Nominating Presidents: An Evaluation of Voters and Primaries

By John G. Geer | Go to book overview
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cally address the concern that voters cannot select candidates with broad support in the electorate. This perceived weakness of voters, I contend, is due to the rules regulating the conduct of primaries. This chapter examines three different sets of rules and recommends changes in them to increase the chances that "electable" candidates are chosen.

The concluding chapter takes up the issue of reform. Using the findings of the six previous chapters, I develop a new presidential nominating system. The purpose of the reforms is to minimize the weaknesses of voters in primaries while taking advantage of their strengths. While the conclusions of the previous chapters find much merit in the many participants in primaries, there are still some important problems with relying on voters to choose candidates. Thus, if one seeks to maximize the chances that the nominating system will select good nominees, some changes must be made.

The arguments presented throughout this book will be based on a set of normative criteria. Some will object to these criteria and perhaps reasonably so. But the objective of all the arguments is to show that the question of the qualifications of voters in primaries is very much a value choice. Under some criteria they appear to be good decision-makers. Yet under another set of standards, one could easily call for the retrenchment of primaries and the reestablishment of the authority of party leaders. But since we are all motivated to some degree by partisan considerations, we need to be very sure of the accuracy of our claims before instituting another round of reforms. I hope the pages ahead move us in the right direction.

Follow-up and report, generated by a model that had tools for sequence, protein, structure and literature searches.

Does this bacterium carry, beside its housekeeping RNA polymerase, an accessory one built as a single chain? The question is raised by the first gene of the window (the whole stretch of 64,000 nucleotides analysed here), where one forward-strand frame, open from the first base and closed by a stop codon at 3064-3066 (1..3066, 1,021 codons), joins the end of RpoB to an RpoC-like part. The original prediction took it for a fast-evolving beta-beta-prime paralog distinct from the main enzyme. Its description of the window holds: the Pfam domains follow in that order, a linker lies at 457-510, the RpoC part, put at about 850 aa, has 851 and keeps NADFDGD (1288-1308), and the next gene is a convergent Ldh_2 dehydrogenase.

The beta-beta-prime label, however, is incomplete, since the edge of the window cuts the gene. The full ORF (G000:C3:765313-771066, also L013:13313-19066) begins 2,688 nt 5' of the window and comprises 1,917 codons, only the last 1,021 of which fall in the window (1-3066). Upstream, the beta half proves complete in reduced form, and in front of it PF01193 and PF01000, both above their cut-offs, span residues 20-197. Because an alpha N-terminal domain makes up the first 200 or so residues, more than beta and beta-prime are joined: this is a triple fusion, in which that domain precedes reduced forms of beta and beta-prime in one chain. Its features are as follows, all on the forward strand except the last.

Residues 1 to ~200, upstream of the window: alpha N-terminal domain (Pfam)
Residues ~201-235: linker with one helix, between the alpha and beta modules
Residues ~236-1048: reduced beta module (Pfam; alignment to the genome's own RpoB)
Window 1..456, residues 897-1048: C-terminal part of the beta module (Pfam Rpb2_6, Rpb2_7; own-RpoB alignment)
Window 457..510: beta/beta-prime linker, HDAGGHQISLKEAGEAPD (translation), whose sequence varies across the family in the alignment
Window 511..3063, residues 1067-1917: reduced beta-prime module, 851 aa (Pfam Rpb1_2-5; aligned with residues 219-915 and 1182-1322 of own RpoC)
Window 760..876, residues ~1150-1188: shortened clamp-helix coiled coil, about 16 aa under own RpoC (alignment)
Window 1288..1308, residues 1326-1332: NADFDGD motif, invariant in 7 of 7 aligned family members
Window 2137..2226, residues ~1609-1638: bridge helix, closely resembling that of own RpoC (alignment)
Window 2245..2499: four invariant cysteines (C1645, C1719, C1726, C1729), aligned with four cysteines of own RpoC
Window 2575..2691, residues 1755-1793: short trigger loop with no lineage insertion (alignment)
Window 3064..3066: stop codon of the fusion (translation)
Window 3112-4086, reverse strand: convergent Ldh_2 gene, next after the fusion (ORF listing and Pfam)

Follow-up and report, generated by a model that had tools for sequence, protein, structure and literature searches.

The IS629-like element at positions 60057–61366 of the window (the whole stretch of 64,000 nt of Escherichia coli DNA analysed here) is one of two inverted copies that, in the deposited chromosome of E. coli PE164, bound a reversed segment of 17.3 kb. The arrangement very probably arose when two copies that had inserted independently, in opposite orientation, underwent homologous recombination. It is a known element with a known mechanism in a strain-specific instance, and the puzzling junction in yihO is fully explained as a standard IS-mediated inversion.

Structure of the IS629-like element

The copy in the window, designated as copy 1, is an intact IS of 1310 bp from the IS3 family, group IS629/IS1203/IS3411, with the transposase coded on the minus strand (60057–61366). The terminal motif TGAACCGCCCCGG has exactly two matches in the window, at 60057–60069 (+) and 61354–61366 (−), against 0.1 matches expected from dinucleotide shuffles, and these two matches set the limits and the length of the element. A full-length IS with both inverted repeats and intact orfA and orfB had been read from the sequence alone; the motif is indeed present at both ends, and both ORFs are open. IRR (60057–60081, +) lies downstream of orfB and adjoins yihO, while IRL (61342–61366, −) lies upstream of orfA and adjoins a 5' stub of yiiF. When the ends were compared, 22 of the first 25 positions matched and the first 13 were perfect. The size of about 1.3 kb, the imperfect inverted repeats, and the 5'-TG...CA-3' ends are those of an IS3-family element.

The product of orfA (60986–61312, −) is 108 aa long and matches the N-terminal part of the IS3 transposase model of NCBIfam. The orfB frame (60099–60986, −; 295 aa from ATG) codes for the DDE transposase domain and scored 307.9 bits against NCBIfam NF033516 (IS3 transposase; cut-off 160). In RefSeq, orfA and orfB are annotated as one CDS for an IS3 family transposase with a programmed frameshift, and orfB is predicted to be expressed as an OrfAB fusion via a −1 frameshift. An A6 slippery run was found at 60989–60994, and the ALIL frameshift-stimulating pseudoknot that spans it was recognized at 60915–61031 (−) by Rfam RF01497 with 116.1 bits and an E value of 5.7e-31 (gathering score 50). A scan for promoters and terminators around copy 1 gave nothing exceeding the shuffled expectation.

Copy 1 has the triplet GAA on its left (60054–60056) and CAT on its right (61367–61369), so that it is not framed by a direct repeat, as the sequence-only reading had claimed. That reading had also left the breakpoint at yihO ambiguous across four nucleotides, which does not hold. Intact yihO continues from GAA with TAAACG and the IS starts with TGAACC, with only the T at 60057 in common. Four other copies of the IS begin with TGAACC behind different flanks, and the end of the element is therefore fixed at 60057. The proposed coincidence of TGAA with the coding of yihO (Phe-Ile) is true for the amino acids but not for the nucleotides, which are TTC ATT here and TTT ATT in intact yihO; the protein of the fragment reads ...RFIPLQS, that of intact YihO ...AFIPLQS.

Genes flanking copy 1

Primaries existed prior to 1912, but these contests were not used for selecting delegates to the national conventions. See Louise Overacker ( 1926) and James Davis ( 1980) for useful histories of presidential primaries.
In the following races, the nominee also won the most votes in the primaries: the 1928, 1964, and 1968 Republican contests, and the 1912, 1928, 1932, 1956, and 1960 Democratic contests. The instances when the winner of the most votes did not capture the nominations were the 1912, 1916, 1920, 1936, 1940, 1944, and 1948 Republican races, and the 1920, 1924, 1952, and 1968 Democratic races. Most of the "competitive" races were contests where there were no incumbents running for renomination.
The only exception was George McGovern. But even in this case the outcome was very close. McGovern had only 68,000 fewer votes than Humphrey, about 0.5 percent.
I shall rely on other data as well. For instance, I have examined articles in newspapers and an array of videotapes of the paid advertising of the candidates and of the networks' coverage of the primaries.

In a recent study, Howard Reiter ( 1985) presents a lot of useful information


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Nominating Presidents: An Evaluation of Voters and Primaries


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